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Barbara Ann Lumpkin

Banker and former public official Barbara Ann Lumpkin was born Barbara Ann Madlock on July 27, 1950 in Oxford, Mississippi to Estella and John Lewis Madlock. She attended Green Hill Elementary School and graduated from North Panola High School in 1968, where she excelled in theater. Lumpkin earned her A.A. degree from Coahoma Community College in 1970, and after moving to Chicago, she took additional business administration courses at DePaul University.

Lumpkin began her career in banking as an assistant recruiter in the human relations department of Chicago’s Continental Bank. Gaining a front line banking job in 1980, she served in the bank’s Personal Financial Services Group. In 1985, Lumpkin moved to the Corporate Trust Department, where she rose to the position of senior vice president and corporate trust manager. After joining Amalgamated Bank in 1994, Lumpkin was certified as a corporate trust specialist by the Canon Financial Institute. In 1995, Lumpkin became Chicago’s City Comptroller and, in 1998, the City’s Budget Director. In 1999, an investigation forced the City Treasurer out of office, and Chicago Mayor Richard M. Daley appointed Lumpkin to the position of City Treasurer. She was later appointed a special assistant to Mayor Daley. In 2000, Lumpkin left this position to become senior vice president in the Corporate and Institutional Services business unit of Northern Trust Bank.

In 2005, Lumpkin was called to serve the City of Chicago as the City of Chicago’s Chief Procurement Officer when it was revealed in early 2005 that Chicago was underperforming in its employment of minority contractors. Lumpkin was responsible for implementing promised improvements. In addition, she leads the City’s Minority, Women and Disadvantaged Enterprise Initiative. She is also an advisory board member of the United Negro College Fund and has publicly endorsed career opportunities in the financial and banking worlds for rising students. Lumpkin is a member of the Chicago Finance Exchange and the Urban Bankers Forum.

Lumpkin was interviewed by The HistoryMakers on August 18, 2006.

Accession Number

A2006.099

Sex

Female

Interview Date

8/18/2006

Last Name

Lumpkin

Maker Category
Middle Name

Ann

Schools

DePaul University

Coahoma Community College

Greenhill Elementary School

North Panola High School

First Name

Barbara

Birth City, State, Country

Oxford

HM ID

LUM02

Favorite Season

Summer

State

Mississippi

Favorite Vacation Destination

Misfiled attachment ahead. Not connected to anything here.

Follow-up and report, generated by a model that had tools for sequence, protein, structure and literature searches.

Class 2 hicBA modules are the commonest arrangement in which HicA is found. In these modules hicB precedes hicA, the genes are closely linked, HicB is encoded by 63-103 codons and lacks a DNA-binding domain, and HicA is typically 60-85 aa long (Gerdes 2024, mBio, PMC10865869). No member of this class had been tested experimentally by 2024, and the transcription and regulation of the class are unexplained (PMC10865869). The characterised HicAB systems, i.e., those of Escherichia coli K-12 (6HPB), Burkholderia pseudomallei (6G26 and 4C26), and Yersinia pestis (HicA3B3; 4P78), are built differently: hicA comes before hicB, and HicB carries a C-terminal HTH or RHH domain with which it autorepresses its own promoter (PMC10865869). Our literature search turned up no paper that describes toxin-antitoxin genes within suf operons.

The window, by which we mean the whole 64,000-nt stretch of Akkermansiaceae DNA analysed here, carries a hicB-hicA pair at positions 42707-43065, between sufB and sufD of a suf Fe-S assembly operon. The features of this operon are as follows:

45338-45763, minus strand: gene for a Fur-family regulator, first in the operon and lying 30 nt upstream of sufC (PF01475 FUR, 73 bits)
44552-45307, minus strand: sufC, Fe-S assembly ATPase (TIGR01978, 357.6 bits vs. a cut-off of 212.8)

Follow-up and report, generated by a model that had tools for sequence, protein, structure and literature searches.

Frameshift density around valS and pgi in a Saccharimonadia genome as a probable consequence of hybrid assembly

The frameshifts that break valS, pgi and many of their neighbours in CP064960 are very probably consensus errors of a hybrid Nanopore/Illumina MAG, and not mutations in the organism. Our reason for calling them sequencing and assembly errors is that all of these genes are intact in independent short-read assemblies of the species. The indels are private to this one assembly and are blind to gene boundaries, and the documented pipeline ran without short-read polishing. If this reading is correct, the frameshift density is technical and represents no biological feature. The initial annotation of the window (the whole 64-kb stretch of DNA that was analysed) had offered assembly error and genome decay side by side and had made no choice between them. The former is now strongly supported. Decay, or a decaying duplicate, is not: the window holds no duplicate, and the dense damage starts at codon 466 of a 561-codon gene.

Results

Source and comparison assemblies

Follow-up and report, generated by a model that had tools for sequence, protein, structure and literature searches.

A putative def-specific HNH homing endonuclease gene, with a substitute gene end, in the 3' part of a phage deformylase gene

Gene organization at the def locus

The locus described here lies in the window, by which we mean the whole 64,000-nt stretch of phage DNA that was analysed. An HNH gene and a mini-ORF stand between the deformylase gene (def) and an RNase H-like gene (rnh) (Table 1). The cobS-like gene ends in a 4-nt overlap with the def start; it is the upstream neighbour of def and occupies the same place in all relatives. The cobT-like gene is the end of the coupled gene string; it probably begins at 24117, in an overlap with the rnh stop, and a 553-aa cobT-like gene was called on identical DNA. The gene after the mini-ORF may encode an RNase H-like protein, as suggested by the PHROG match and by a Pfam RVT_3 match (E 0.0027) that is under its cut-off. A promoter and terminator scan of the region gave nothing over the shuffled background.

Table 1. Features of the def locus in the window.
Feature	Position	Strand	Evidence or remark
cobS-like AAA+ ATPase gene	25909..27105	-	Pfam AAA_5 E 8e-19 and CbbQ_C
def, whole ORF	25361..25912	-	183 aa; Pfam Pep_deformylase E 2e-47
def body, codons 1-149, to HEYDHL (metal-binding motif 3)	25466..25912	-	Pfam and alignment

Puerta Vallarta, Mexico

Favorite Quote

Always Respect Self And Others.

Bio Photo
Speakers Bureau Region State

Illinois

Birth Date

7/27/1950

Birth Place Term
Speakers Bureau Region City

Chicago

Country

United States

Favorite Food

Thanksgiving Dinner

Short Description

Bank executive and city treasurer Barbara Ann Lumpkin (1950 - ) was the former chief procurement officer for the City of Chicago, and served as city comptroller and budget director. In the private sector, Lumpkin worked as senior vice president and corporate trust manager for Continental Bank in Chicago.

Employment

Continental Bank

City of Chicago

Northern Trust Company

Favorite Color

Black, Shades of Gray

Timing Pairs
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DAStories

Tape: 1 Story: 1 - Slating of Barbara Ann Lumpkin's interview

Tape: 1 Story: 2 - Barbara Ann Lumpkin lists her favorites

Tape: 1 Story: 3 - Barbara Ann Lumpkin describes her mother's family background

Tape: 1 Story: 4 - Barbara Ann Lumpkin describes her mother's upbringing in Sardis, Mississippi

Tape: 1 Story: 5 - Barbara Ann Lumpkin describes her father's family background

Tape: 1 Story: 6 - Barbara Ann Lumpkin describes her mother's personality

Tape: 1 Story: 7 - Barbara Ann Lumpkin describes her earliest childhood memory

Tape: 1 Story: 8 - Barbara Ann Lumpkin describes the sights, sounds and smells of her childhood

Tape: 1 Story: 9 - Barbara Ann Lumpkin describes her community in Sardis, Mississippi

Tape: 1 Story: 10 - Barbara Ann Lumpkin narrates her photographs, pt. 1

Tape: 2 Story: 1 - Barbara Ann Lumpkin describes her experiences at Greenhill Elementary School

Tape: 2 Story: 2 - Barbara Ann Lumpkin describes her teachers at Greenhill Elementary School

Tape: 2 Story: 3 - Barbara Ann Lumpkin recalls the Civil Rights Movement in Mississippi

Tape: 2 Story: 4 - Barbara Ann Lumpkin describes the school system in Sardis, Mississippi

Tape: 2 Story: 5 - Barbara Ann Lumpkin describes segregation in Mississippi during the 1960s

Tape: 2 Story: 6 - Barbara Ann Lumpkin describes her high school experiences, pt. 1

Tape: 2 Story: 7 - Barbara Ann Lumpkin describes the role of music in her childhood

Tape: 2 Story: 8 - Barbara Ann Lumpkin describes her high school experiences, pt. 2

Tape: 3 Story: 1 - Barbara Ann Lumpkin recalls barriers to her aspirations for a business career

Tape: 3 Story: 2 - Barbara Ann Lumpkin describes her experiences at Coahoma Community College

Tape: 3 Story: 3 - Barbara Ann Lumpkin recalls visiting Chicago, Illinois in her youth

Tape: 3 Story: 4 - Barbara Ann Lumpkin recalls joining Continental Bank in Chicago, Illinois